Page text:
An airport is a place where airplanes can land or take off. Most airports in the world have only a long strip of level ground called a runway. Many airports have buildings which are used to hold airplanes and passengers. A building that holds passengers waiting for their planes or luggage is called a terminal. The sections between planes and the terminal are called "gates". Airports also have buildings called hangars to hold planes when they are not used. Some airports have buildings to control the airport, like a control tower which tells planes where to go.
An international airport is a large airport that airplanes can use to fly to and from other countries. A domestic airport is an airport which is usually smaller and only has airplanes coming from different places in the same country. Most international airports have shops and restaurants for airplane passengers to use.
Safety[change | change source]
Airports are made and operated for safety. Today, people must walk through a metal detector, a machine that can tell if metal goes through it. If it makes a noise, the officers will make that person take off all things on them that are metal. They also have X-ray machines that can look into luggage. If officers find items such as weapons, or anything that can be used to kill people, that item (and the person who has it) are taken away and possibly arrested. As well as this, passengers are not allowed to bring bottles or containers with over 100 ml of liquid onto the plane because they could be turned into bombs. Therefore, all water bottles must be emptied before entering the secured area.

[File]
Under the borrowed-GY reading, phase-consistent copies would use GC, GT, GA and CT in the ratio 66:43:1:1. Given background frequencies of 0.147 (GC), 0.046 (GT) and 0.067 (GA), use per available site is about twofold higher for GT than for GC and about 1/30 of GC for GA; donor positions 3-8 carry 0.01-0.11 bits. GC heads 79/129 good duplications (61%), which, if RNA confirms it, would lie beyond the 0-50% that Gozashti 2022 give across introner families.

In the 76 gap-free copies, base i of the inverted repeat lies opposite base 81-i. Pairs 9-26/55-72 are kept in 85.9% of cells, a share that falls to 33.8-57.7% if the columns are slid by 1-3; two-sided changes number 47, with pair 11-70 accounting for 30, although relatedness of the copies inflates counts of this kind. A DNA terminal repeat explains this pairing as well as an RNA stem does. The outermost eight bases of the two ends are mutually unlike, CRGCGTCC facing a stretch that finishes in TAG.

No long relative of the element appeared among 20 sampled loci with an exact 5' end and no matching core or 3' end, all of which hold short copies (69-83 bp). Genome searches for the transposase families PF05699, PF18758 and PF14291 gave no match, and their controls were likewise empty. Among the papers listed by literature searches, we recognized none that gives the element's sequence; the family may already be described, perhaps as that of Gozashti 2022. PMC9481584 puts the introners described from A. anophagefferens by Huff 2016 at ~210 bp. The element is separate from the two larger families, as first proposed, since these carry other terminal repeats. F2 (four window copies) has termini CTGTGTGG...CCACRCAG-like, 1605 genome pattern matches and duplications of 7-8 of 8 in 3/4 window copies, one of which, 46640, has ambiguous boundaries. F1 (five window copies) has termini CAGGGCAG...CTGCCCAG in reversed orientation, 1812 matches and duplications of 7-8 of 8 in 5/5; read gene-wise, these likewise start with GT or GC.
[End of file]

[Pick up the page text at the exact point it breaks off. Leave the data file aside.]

Related pages[change | change source]
Other websites[change | change source]
- AirNav.com - complete list of U.S. airports, with detailed airport information
- flightwise.com Archived 2010-09-23 at the Wayback Machine - graphical airport finder via Google Maps
- ATCSCC Real-time Airport Status page - shows airport delay times for major U.S. airports (FAA)
- FlightCentral.net - complete list of U.S. airports with detailed airport information and integrated weather
- Department for Transport (United Kingdom)
- History of Aircraft Landing Aids Archived 2012-01-18 at the Wayback Machine
- SkyVector.com - Airspace and Airport information on Aeronautical Charts
- Canadian Air Transport Security Authority (CATSA) Official Website
- View airports and weather in Google Maps and Google Earth Archived 2008-05-22 at the Wayback Machine
- Float Incorporated (developers of floating airports and Pneumatic Stabilized Platform (PSP))